Malta, or the Republica of Malta, is an island nation in the central Mediterranean, located between Sicily and North Africa. It includes the main island of Malta (home to the capital city, Valletta), the smaller island of Gozo, and the tiny, barely populated island of Comino. Over the millennia, Malta's strategic position has made it a prized possession of civilizations, kingdoms, and regional powers seeking to control trade in the Mediterranean. As a result, Malta has a fascinating history, with influences of Roman, Arab, Norman, Spanish and British cultures, among others—seen especially in its historic cities.
Malta is also known for the waters that surround it—the Mediterranean Sea around Malta and its associated islands is clear, deep, and very popular with divers and snorkelers. For Europeans, Malta is a quick island getaway for warm weather, beaches, and history.
Planning Your Trip
Here are some basics for planning your trip to Malta.
Best Time to Visit: Summers in Malta are hot, dry, and crowded, as July to September is peak season. To avoid the crowds but still be relatively sure of warm but not hot weather, the best time to visit is in the late spring to early summer, from April to June. By May, the sea is warm enough for swimming.
Language: The official languages of Malta are Maltese and English. The former is a Semitic language with its roots in the Arab-Sicilian domination of Malta in the Middle Ages. Italian is also widely spoken on the island. Why most Maltese speak the Maltese language among themselves, you'll find that most also speak English, especially in hotels, shops, and restaurants.
Currency: Malta is part of the European Union and uses the Euro as its currency. No other currencies are accepted.
Getting Around: Malta has an efficient public bus system that connects to the airport, cruise port, and most cities, towns, and tourist sites, including on Gozo. If you decide to rent a car, keep in mind that Malta adheres to British driving rules, meaning cars have their steering wheels on the car's righthand side, and driving is on the lefthand side of the road. Taxis are numerous and easy to find. Motor scooter and bicycle rentals are popular ways to get around, and a water taxi service carries passengers across Valletta's Grand Harbour.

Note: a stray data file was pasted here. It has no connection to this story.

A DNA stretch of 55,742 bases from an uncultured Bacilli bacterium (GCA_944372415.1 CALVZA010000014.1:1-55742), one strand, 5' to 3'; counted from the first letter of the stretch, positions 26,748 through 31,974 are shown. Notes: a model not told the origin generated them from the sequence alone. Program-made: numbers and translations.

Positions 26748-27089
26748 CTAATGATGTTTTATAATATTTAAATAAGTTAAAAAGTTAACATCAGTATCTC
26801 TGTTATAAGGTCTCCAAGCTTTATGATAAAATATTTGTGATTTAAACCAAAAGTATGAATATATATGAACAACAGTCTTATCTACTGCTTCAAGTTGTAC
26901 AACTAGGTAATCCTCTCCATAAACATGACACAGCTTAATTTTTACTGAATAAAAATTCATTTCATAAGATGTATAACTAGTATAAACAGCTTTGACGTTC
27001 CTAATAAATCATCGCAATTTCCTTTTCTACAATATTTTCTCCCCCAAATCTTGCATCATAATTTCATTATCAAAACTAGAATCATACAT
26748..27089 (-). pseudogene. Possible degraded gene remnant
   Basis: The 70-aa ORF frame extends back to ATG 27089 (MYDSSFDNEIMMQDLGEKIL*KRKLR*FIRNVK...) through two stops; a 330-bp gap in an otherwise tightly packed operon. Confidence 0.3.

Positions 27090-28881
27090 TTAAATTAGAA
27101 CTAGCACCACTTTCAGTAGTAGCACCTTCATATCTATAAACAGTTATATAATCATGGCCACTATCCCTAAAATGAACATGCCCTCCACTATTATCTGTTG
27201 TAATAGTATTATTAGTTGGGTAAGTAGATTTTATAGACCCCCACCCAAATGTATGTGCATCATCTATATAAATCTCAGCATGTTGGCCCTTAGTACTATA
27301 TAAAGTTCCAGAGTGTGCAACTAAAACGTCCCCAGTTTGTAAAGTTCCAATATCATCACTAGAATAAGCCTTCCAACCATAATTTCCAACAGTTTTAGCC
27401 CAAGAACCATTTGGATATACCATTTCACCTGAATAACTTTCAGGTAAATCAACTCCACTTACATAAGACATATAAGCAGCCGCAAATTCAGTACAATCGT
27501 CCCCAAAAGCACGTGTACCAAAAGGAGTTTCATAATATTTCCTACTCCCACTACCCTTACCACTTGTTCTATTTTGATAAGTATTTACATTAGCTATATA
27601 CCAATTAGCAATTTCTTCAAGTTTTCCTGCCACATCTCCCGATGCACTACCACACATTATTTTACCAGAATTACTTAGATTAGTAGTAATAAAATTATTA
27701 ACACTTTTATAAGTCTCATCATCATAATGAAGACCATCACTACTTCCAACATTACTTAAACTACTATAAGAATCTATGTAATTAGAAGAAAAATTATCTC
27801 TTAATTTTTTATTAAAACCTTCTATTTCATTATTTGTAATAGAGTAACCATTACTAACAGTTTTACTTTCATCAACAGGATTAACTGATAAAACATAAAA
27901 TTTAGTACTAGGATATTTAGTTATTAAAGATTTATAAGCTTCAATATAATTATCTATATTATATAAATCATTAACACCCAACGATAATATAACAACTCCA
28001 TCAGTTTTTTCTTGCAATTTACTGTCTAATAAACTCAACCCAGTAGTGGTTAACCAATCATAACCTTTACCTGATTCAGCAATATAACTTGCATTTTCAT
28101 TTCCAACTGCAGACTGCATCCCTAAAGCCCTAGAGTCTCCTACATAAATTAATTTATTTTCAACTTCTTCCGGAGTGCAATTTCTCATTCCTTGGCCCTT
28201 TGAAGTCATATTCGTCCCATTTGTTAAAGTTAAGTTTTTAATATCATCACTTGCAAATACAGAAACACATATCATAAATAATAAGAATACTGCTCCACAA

Travel Tip: Malta is small but densely populated and congested. In high season and at morning and evening rush hour, expect to spend some time sitting in traffic.
Things to Do
Visitors to Malta mostly come for three reasons: history, the sea, and a fun, resort-like feel. You might pass a vacation here by visiting historical and archaeological sites one day, and beaches and swimming spots another. If you have the chance to get out on the water in a boat, whether it's a ferry, kayak, or chartered sailboat, don't miss it. In the evenings, the lively alleys of the capital city of Valletta are lined with open-air restaurants and bars.
Here are a few sights and activities not to be missed:
- Visit historic cities and sites. Valletta, the fortified capital city of Malta, dominates the Grand Harbour. The 16th-century city was built by the Knights of Malta in high Baroque style and has a well-preserved historic center. The fortress city of Mdina was built by the Arabs in the 11th century and served as Malta's capital until the 1500s. The Megalithic Temples of Malta, including Ħaġar Qim and four others, are the oldest free-standing stone structures globally and a combined UNESCO World Heritage Site. For some perspective: they predate the pyramids of Egypt, Stonehenge, and Ireland's New Grange.
- Get in the water. The islands of Malta, Gozo, and Comino are ringed by dramatic rocky coves with stunningly clear water and a few sandy beaches. Top sandy beaches include Golden Bay Beach and red-hued Ramla Bay on Gozo. For swimming and snorkeling, On tiny Comino, the aptly named Blue Lagoon is famous for its otherworldly turquoise waters. On Malta, St. Peter's Pool has huge rock slabs for sunning in-between jumping into blue-green waters. From the beautiful swimming cove at Għar Lapsi, you can catch a boat to the Blue Grotto, the most famous of the many sea caves carved into the shorelines of Malta and Gozo.